On August 11th, the Drug Enforcement Administration announced its decision to keep marijuana classified as a Schedule I drug. The federal government has historically referred to this category as the “most dangerous” group of substances, including drugs like heroin and bath salts.
As a resident physician specializing in mental health, I can’t make much sense of this.
Every day, I talk to patients about substance abuse. Whether evaluating patients in clinic, in the emergency department or on inpatient units, my colleagues and I screen patients for substance use. It’s a vital component of any clinical interview, particularly in mental health care, and helps us understand patients’ habits and their risks for medical complications.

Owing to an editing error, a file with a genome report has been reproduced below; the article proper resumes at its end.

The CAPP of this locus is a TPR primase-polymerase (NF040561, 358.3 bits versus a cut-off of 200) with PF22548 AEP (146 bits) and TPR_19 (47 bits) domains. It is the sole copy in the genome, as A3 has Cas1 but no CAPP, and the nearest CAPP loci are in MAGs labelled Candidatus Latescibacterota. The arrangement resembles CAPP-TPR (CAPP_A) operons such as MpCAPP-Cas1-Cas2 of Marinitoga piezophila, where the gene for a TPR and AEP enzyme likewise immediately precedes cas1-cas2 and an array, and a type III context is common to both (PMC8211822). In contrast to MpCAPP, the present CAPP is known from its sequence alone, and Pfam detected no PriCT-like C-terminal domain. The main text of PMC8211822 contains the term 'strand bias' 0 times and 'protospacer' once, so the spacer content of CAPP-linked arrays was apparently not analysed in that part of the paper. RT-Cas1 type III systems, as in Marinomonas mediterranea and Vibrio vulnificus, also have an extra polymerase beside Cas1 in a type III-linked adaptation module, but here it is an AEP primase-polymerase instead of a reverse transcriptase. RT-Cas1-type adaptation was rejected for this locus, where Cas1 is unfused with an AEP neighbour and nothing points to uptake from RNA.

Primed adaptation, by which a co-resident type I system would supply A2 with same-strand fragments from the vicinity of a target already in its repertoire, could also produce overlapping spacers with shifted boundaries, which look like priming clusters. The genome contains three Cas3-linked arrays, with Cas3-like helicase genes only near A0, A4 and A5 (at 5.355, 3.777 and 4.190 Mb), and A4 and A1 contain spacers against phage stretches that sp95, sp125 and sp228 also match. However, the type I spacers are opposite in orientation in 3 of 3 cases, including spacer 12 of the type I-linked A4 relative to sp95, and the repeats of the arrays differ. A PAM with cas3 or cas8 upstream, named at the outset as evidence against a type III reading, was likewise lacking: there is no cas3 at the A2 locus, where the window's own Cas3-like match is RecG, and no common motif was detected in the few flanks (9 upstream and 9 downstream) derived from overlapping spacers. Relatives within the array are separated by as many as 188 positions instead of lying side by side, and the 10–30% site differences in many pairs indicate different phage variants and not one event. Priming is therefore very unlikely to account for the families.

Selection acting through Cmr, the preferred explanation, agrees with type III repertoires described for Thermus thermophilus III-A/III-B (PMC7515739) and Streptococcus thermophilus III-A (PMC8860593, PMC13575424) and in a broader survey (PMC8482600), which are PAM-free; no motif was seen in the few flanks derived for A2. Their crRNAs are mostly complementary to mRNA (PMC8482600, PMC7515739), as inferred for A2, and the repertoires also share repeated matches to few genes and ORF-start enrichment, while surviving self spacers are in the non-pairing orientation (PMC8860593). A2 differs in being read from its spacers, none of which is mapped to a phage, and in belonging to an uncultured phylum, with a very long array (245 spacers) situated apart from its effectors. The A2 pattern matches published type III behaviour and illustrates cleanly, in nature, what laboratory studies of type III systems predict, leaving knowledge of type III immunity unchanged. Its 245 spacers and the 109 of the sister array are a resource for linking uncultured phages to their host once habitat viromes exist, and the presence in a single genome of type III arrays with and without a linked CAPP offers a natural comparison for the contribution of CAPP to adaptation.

During my medical training, I’ve learned which substances to worry about and which ones matter less.
Alcohol is usually the first substance I ask about. Many people have seen drinking go wrong, be it a friend making a bad decision or a family member struggling with alcoholism. But clinicians see the worst of this on the front lines.
Intoxicated patients stream into emergency departments after crashing their cars, inhaling their own vomit or falling into a coma. According to the National Institutes of Health, alcohol-related conditions contributed to more than 1.2 million emergency department visits in 2010. The Centers for Disease Control reports excess alcohol consumption causes roughly 88,000 deaths in the United States each year.